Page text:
Canned tuna – to eat or not to eat it?

Canned tuna is almost an integral part of sports diet. It is mostly used by bodybuilding fans. However, there are many controversies around its consumption. You can hear more frequent advice not to eat canned tuna. It's worth looking closer at this matter and think if this fish is more beneficial or not, when it comes to its nutrition and pro-health value.

Where did the popularity of tuna come from?

Canned tuna is one of the most frequently chosen fish, at least in fitness and bodybuilding world. It is mainly valued for high content of proteins and the fact that it's easily accessible, or that it doesn't need any thermal treatment before consumption (you can make tuna salad or spaghetti with it, or just eat it with a fork without any other additives). For people, who haven't got much time, it is very important. Besides, tuna is a sea fish, which is strongly advised to eat (because of high content of fatty acids from the omega 3 group and vitamin D). So, many people grab it, thinking that they do something good for their muscles and health. Are they right?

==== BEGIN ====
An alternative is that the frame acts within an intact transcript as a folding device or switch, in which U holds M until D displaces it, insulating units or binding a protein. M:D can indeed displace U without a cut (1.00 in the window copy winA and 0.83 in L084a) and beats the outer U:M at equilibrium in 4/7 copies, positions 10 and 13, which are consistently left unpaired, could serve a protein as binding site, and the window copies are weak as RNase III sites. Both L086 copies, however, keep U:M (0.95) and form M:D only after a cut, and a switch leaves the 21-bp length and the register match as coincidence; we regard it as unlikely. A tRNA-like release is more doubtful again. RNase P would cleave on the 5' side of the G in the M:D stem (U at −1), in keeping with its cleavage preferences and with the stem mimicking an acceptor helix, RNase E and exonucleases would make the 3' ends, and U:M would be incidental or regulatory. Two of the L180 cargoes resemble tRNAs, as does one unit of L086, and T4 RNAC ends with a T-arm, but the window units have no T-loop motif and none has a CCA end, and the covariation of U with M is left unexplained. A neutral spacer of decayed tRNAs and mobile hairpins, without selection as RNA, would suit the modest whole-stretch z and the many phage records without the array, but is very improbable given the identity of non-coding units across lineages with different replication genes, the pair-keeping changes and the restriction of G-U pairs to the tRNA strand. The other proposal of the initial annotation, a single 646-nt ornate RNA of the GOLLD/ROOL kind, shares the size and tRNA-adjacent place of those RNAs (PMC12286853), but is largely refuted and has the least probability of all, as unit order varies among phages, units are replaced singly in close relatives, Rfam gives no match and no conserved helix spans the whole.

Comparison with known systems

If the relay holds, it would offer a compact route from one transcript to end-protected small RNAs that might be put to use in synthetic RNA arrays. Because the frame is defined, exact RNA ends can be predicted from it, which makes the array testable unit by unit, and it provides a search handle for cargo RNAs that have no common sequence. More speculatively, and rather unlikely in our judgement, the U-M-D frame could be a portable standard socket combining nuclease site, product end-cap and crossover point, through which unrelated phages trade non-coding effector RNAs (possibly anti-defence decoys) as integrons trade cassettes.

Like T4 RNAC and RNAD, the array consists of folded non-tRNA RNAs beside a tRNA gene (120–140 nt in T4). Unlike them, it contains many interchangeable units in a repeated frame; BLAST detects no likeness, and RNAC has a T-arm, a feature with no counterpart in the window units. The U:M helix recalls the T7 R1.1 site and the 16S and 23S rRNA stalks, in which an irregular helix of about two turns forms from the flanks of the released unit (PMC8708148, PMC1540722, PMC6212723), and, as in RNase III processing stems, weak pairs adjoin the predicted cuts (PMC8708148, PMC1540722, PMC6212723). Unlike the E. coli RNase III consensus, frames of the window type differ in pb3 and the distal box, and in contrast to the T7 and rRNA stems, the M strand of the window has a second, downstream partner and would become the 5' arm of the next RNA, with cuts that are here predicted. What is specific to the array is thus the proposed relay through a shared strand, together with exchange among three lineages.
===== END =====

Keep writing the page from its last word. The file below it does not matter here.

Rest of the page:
The unknown truth

If you want to be objective when looking at the content of canned tuna, you have to take under consideration few important facts. First of all, before the fish meat is placed in a can, it is heated for a long time. This thermal treatment causes the change of structure and properties of fatty acids present in the fish's tissues. As a result, they lose their beneficial biological potential and become poisonous. Also cholesterol is oxidised. It's good to know that, as long as unoxidised cholesterol doesn't have to be a threat for our health, if it undergoes the conversion into hydroxycholesterol and 7-ketocholesterol under the influence of adverse factors, it is an extremely unwanted ingredient in our menu. Let's add the fact, that tuna may contain large amount of mercury. Of course, some theories may exaggerate the facts, however, it's true, that tuna contains quite a lot of this element.


As you can see, canned tuna, apart from some advantages, such as mobility, easiness of preparation and high content of protein, also has flaws worth remembering. The presence of mercury, oxygenated polyunsaturated fatty acids and oxygenated cholesterol are definitely negative for this form of fish. Of course, it does not mean that you should avoid tuna, but it's worth to limit its consumption and to include it in the menu only rarely.